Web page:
EEI report urges FERC to review returns for private investment in transmission infrastructure
Posted by admin on Dec 20, 2017
Aiming to strengthen U.S. energy infrastructure, a new white paper from the Edison Electric Institute (EEI) calls for the Federal Energy Regulatory Commission (FERC) to ensure reasonable rates of return are in place in order to continue attracting investment in the nation’s electric transmission system.
Investments in transmission infrastructure not only provide customers with reliable electricity at affordable costs but also integrate technologies that modernize the energy grid by improving resiliency, safety and access to renewable energy.
Utilities continue to make major investments in improving the transmission system. The U.S. investor-owned electric companies EEI represents invested nearly $21 billion in transmission projects in 2016 and plan another estimated $90 billion in transmission infrastructure investments through 2020, the report said.
However, the report, which was prepared by ScottMadden Inc., a leading energy consulting firm, on behalf of EEI, argues that the method FERC uses to establish allowed shareholder returns on equity (ROE) may not support the level of private investment needed to maintain the grid going forward.
“Maintaining, expanding, and enhancing the transmission system requires ongoing investment, and it is imperative that the commission foster this investment by providing stable, predictable, and adequate returns to the investors and owners of the transmission infrastructure,” said the report.
Further, FERC’s methodology for determining the allowed ROE needs to provide the reasonable returns to support an electric company’s ability to attract capital over multiple years and through the gyrations of different market cycles.
The report examines the limitations of FERC’s two-step discounted cash flow (DCF) model to determine an electric utility ROE.
“Based on our review of FERC’s two-step DCF approach, we are concerned that a formulaic application of the model may not currently produce reliable estimates of the cost of equity,” ScottMadden and EEI said in a joint statement to Daily Energy Insider. “Our analysis shows FERC’s two-step DCF model results have begun to deviate from other model estimates, and are inconsistent with relevant benchmarks, such as state-level authorized returns, natural gas pipeline authorized ROEs, and earned returns for the overall market.”
In addition, risks assumed by investors in transmission infrastructure are different from other types of electric system investments due to their higher cost, long lead time, complex state and federal permitting processes and development opposition from certain stakeholders.
“This disconnect between DCF results and investment risk discourages investment in transmission and is inconsistent with the U.S. Supreme Court’s long-established foundational standards for assessing whether rates are just and reasonable,” the report said.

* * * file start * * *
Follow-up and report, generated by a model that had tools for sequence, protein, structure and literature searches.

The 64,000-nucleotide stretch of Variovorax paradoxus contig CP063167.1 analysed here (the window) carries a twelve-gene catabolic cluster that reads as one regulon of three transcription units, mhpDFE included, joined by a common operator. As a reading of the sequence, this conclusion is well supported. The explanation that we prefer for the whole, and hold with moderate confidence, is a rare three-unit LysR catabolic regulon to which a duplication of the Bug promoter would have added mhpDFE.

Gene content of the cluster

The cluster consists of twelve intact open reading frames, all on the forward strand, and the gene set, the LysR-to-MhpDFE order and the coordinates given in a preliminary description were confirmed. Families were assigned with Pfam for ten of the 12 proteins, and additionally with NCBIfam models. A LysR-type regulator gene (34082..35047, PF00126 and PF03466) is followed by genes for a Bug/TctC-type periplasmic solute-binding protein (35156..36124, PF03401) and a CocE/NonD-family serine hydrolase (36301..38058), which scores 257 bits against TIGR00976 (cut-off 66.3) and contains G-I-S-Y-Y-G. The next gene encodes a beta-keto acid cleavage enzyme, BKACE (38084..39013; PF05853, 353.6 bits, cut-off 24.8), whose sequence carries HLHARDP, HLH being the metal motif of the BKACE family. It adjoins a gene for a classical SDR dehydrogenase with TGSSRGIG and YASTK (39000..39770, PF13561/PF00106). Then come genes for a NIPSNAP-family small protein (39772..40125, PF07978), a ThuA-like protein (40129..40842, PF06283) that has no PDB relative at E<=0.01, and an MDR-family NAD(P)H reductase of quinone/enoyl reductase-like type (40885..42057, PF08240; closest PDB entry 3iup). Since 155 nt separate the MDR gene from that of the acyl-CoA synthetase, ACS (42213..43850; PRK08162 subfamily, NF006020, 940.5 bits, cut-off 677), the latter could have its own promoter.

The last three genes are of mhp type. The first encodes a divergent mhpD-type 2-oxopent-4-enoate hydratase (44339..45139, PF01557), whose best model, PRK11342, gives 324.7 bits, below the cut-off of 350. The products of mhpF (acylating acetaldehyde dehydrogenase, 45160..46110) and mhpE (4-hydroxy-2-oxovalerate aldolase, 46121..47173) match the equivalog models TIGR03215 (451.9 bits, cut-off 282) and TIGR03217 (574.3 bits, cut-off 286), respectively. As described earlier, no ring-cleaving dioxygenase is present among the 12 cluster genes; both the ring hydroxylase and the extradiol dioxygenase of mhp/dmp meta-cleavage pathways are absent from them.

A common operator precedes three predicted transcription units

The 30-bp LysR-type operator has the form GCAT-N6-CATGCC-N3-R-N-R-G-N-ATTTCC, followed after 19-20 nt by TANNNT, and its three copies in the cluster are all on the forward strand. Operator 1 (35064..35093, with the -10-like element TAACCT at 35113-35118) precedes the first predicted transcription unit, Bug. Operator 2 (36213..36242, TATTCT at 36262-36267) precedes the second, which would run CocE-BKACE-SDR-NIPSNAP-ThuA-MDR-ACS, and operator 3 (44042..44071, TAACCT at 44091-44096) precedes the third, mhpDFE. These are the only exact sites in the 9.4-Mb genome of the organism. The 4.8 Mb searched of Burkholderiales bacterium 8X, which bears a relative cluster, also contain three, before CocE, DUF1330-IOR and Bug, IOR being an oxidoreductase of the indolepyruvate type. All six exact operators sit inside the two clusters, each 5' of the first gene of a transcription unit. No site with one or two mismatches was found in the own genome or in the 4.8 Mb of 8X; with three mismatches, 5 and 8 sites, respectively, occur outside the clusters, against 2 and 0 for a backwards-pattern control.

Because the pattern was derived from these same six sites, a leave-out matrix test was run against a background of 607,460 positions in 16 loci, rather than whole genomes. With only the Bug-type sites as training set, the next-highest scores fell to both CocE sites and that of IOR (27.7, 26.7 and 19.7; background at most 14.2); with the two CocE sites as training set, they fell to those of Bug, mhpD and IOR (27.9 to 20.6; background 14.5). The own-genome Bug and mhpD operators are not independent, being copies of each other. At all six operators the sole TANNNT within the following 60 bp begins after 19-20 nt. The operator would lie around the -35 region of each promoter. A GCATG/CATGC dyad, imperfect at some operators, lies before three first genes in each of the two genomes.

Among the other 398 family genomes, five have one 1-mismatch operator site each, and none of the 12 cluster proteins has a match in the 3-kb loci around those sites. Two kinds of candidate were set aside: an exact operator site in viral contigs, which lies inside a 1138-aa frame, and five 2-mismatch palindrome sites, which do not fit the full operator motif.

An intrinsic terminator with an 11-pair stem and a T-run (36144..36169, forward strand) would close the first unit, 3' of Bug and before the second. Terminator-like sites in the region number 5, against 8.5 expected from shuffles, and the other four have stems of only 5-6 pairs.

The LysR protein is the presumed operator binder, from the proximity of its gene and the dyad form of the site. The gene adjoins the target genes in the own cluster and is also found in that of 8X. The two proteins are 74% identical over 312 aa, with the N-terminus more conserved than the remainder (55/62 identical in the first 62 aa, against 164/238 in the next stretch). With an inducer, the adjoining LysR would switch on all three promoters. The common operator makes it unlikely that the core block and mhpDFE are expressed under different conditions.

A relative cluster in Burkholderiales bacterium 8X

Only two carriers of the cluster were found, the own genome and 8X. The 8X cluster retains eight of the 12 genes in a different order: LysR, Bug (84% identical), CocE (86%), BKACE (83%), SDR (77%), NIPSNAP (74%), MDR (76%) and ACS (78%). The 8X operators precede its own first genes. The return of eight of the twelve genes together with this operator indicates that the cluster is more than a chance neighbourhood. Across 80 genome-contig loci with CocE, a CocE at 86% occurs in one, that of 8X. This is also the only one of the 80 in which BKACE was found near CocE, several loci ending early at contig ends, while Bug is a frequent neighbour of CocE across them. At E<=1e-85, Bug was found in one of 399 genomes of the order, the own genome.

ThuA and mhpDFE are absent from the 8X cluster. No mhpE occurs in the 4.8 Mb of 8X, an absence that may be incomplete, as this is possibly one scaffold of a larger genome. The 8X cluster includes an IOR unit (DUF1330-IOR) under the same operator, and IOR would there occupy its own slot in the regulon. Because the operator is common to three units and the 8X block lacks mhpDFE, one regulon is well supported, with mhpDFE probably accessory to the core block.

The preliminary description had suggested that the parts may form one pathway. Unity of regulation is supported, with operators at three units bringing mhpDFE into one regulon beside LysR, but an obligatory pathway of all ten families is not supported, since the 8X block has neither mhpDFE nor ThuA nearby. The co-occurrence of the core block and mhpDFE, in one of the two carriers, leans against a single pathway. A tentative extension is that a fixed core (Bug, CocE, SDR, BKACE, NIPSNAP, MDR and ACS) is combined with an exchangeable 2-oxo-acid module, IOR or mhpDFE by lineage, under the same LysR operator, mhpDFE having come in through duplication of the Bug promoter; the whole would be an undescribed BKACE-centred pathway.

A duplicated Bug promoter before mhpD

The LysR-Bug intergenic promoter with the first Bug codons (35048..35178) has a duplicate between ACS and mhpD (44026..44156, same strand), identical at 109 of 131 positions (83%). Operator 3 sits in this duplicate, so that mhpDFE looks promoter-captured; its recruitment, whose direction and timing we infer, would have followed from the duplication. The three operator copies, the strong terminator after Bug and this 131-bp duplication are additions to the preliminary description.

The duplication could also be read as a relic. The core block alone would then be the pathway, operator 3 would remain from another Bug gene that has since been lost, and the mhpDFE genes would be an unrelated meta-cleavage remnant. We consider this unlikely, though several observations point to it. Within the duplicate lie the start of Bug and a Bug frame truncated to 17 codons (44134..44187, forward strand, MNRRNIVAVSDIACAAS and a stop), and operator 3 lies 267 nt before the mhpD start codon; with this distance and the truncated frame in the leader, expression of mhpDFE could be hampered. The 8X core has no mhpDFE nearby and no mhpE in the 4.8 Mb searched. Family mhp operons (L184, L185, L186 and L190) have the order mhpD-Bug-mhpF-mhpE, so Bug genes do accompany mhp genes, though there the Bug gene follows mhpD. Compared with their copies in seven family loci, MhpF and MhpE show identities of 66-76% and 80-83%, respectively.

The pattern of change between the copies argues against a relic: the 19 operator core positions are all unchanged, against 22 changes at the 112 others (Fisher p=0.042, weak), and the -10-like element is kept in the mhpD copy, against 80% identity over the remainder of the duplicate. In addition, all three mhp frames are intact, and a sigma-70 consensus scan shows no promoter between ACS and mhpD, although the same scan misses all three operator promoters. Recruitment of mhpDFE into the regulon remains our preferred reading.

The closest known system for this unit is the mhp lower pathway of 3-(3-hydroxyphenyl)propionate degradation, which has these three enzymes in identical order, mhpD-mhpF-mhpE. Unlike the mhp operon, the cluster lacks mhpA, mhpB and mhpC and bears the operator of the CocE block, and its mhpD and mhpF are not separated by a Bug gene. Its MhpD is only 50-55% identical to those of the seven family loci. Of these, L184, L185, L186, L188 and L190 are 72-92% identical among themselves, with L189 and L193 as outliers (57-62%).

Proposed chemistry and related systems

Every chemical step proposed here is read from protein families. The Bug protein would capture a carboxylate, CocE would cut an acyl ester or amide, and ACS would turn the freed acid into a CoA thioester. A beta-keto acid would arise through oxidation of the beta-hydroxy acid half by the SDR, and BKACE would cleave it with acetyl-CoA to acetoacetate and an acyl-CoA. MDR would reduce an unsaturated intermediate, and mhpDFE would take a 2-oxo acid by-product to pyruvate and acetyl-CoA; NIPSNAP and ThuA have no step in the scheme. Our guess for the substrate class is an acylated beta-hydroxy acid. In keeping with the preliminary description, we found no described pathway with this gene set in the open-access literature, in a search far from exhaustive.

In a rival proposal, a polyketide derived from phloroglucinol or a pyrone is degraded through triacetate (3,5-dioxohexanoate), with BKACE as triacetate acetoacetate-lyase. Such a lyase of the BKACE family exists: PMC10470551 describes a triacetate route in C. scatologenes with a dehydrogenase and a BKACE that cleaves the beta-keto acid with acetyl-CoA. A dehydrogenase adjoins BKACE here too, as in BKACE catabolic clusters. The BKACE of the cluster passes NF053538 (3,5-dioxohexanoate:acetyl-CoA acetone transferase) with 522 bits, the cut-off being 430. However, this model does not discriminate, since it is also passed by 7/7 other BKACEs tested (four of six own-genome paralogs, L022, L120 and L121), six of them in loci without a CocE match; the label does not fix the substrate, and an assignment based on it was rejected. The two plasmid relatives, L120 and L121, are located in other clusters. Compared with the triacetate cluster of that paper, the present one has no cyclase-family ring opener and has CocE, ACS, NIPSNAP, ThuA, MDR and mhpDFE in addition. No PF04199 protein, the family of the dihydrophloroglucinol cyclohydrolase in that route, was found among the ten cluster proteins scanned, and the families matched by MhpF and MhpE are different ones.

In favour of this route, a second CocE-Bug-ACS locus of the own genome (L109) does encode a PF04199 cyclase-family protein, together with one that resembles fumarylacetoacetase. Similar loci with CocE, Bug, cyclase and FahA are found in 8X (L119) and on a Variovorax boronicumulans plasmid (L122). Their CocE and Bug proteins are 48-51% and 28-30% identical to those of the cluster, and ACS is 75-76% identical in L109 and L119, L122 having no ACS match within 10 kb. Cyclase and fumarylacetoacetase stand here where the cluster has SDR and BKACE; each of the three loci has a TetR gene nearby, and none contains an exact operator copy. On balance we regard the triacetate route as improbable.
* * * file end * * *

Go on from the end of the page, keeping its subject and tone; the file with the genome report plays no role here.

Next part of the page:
Changes to the current DCF model’s assumptions are needed, as is a re-evaluation of FERC’s approach to calculating ROE, according to the report.
The white paper makes several suggestions to improve FERC’s two-step DCF approach, such as broadening the group of comparison companies used as proxies and using additional estimates of short-term and long-term growth.
“However, it also is important to recognize that in practice, investors use multiple costs of equity estimation methods and that those methods also provide useful information in determining a fair return,” ScottMadden and EEI said. “The DCF model is just one tool in the toolkit, and may not be the most reliable approach under certain market conditions. Regardless of the models employed, an informed judgment must be applied to determine the applicability of individual model results in the context of the capital market environment.”
One change recommended in the paper is to revisit the gross domestic product (GDP) growth rate assumption that is a component of the model used to estimate electric transmission utility ROE when FERC adopted the two-step DCF approach in Opinion No. 531 in 2014.
Examining the issue is timely. Earlier this year, the U.S. Court of Appeals for the D.C. Circuit vacated and remanded Opinion No. 531, presenting an opportunity for FERC to review its DCF model.
“It is not clear that investors expect the electric industry, which is undergoing a significant transformation to meet changing energy resource mixes and dynamic demand, to grow at a rate consistent with the GDP forecasts relied on by FERC,” ScottMadden and EEI said in their statement.
The paper suggests reducing how much weight the GDP growth rate is given in applying the two-step DCF method, and calls for incorporating an inflation-adjusted long-term GDP estimate – or just removing GDP from the DCF model altogether.
EEI hopes the white paper will facilitate a discussion about how transmission investment ROE are assessed, while still striking a balance between investor and customer interests.
“EEI believes the time is now for the commission to step-back and to assess whether the inherent limitations (or shortcomings) of the DCF, and the adjustments the commission has made to the DCF methodology, are leading to outcomes necessary to meet capital attraction standards and policy goals at a time when the transmission system requires expansion and enhancement,” the report said.